Chinese Socialism and the Household Idiom of Religious Engagement
The conventional approach to studying the impact of Maoism on the Chinese religious landscape (henceforth “Chinese religionscape,” defined here as the totality of the articulations between religious conceptions and practices and their conditions of possibility) focuses on the policies during the Maoist period directly and explicitly relating to the management, control and suppression of religious institutions, personnel and activities. This includes the analyses of, for example, the establishment of the state bureaucratic organs in charge of the officially recognized religions (Buddhism, Daoism, Islam, Catholicism, Protestantism); the anti-religion/anti-traditionalist policies that aimed at eradicating not only the so-called “feudal superstitions” but also, at the height of the Cultural Revolution in the 1960s and 1970s, the entirety of religion as a domain of social and personal life; the opportunistic deployment of certain religious traditions in the service of international diplomacy (e.g. Buddhism in dealing with Japan and the Buddhist countries of South and Southeast Asia and Islam in dealing with Islamic countries in the Middle East and later in the post-Soviet Central Asia). Part of this approach of course is a description and analysis of how different “religions” responded to the challenges, suppression and manipulation. There are three inter-related problems with such an approach.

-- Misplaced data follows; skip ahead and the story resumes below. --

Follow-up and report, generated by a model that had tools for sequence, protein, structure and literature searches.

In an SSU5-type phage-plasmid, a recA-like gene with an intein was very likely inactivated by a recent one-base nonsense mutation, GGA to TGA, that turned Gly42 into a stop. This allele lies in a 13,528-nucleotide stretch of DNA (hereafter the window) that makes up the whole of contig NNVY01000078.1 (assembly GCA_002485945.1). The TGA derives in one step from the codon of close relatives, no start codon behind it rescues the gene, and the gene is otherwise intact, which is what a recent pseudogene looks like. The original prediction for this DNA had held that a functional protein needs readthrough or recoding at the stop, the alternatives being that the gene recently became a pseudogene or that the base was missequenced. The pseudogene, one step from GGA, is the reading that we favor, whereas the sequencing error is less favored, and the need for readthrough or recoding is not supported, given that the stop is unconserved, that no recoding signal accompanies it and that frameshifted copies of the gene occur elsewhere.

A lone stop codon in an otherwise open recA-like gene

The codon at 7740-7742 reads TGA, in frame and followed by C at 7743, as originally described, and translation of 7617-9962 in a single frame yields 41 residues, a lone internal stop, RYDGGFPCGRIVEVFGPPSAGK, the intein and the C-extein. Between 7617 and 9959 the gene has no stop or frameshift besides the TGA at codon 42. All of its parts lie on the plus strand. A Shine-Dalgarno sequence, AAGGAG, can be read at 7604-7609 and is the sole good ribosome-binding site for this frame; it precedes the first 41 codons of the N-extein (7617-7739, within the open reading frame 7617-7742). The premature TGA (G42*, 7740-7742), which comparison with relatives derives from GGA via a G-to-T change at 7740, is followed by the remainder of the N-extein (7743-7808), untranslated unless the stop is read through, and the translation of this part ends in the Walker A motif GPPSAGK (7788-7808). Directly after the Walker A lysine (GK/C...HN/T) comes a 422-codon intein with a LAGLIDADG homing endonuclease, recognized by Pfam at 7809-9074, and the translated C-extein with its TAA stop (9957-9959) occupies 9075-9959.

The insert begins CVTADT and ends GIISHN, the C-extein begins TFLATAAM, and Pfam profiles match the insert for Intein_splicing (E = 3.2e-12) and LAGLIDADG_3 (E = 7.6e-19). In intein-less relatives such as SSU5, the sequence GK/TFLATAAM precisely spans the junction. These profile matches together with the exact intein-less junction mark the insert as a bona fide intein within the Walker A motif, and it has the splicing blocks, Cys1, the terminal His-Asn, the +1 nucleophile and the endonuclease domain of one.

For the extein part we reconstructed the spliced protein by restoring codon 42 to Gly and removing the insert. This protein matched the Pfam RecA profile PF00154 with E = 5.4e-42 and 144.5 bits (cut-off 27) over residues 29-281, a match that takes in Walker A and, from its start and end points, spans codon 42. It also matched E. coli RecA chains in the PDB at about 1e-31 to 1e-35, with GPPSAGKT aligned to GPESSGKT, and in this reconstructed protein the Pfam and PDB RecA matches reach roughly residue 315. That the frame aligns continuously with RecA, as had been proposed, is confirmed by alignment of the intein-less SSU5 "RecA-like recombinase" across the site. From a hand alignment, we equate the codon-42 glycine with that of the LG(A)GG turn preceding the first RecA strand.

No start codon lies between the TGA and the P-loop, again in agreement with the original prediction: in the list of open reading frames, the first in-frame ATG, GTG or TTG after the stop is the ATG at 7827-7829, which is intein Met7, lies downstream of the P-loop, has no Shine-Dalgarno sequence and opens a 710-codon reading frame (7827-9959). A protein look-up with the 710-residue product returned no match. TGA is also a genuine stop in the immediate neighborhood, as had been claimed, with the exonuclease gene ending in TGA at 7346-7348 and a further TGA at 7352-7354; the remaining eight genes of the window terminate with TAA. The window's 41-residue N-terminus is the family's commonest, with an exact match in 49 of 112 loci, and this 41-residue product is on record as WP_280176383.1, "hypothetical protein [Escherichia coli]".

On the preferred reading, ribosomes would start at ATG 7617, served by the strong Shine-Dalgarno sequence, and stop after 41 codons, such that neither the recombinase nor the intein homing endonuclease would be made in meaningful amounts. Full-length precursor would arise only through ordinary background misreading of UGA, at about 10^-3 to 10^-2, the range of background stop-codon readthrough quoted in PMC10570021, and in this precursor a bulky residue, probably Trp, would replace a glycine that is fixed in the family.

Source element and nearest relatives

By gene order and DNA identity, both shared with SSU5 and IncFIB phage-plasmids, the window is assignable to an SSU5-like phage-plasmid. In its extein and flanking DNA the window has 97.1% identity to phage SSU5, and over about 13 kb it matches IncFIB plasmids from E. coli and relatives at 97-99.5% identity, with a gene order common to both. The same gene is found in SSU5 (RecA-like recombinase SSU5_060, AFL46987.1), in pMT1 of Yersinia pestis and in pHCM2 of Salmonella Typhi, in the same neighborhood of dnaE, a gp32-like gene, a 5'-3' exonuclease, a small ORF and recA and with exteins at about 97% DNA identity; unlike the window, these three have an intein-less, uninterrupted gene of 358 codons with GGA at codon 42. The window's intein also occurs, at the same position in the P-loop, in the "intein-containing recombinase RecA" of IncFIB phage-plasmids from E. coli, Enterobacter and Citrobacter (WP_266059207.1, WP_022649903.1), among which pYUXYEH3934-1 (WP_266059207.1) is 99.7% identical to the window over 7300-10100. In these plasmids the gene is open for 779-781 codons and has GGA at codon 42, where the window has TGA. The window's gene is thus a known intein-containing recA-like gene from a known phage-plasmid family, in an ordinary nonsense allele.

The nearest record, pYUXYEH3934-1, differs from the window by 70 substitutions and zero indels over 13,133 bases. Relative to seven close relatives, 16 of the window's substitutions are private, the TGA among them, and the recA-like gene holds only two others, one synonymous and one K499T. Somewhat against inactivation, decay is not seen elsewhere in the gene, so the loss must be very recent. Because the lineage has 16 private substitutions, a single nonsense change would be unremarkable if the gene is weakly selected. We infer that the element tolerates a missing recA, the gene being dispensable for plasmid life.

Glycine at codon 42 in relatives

KeywordsReligious Practice Religious Activity Religious Institution Chinese Religion Poor Peasant
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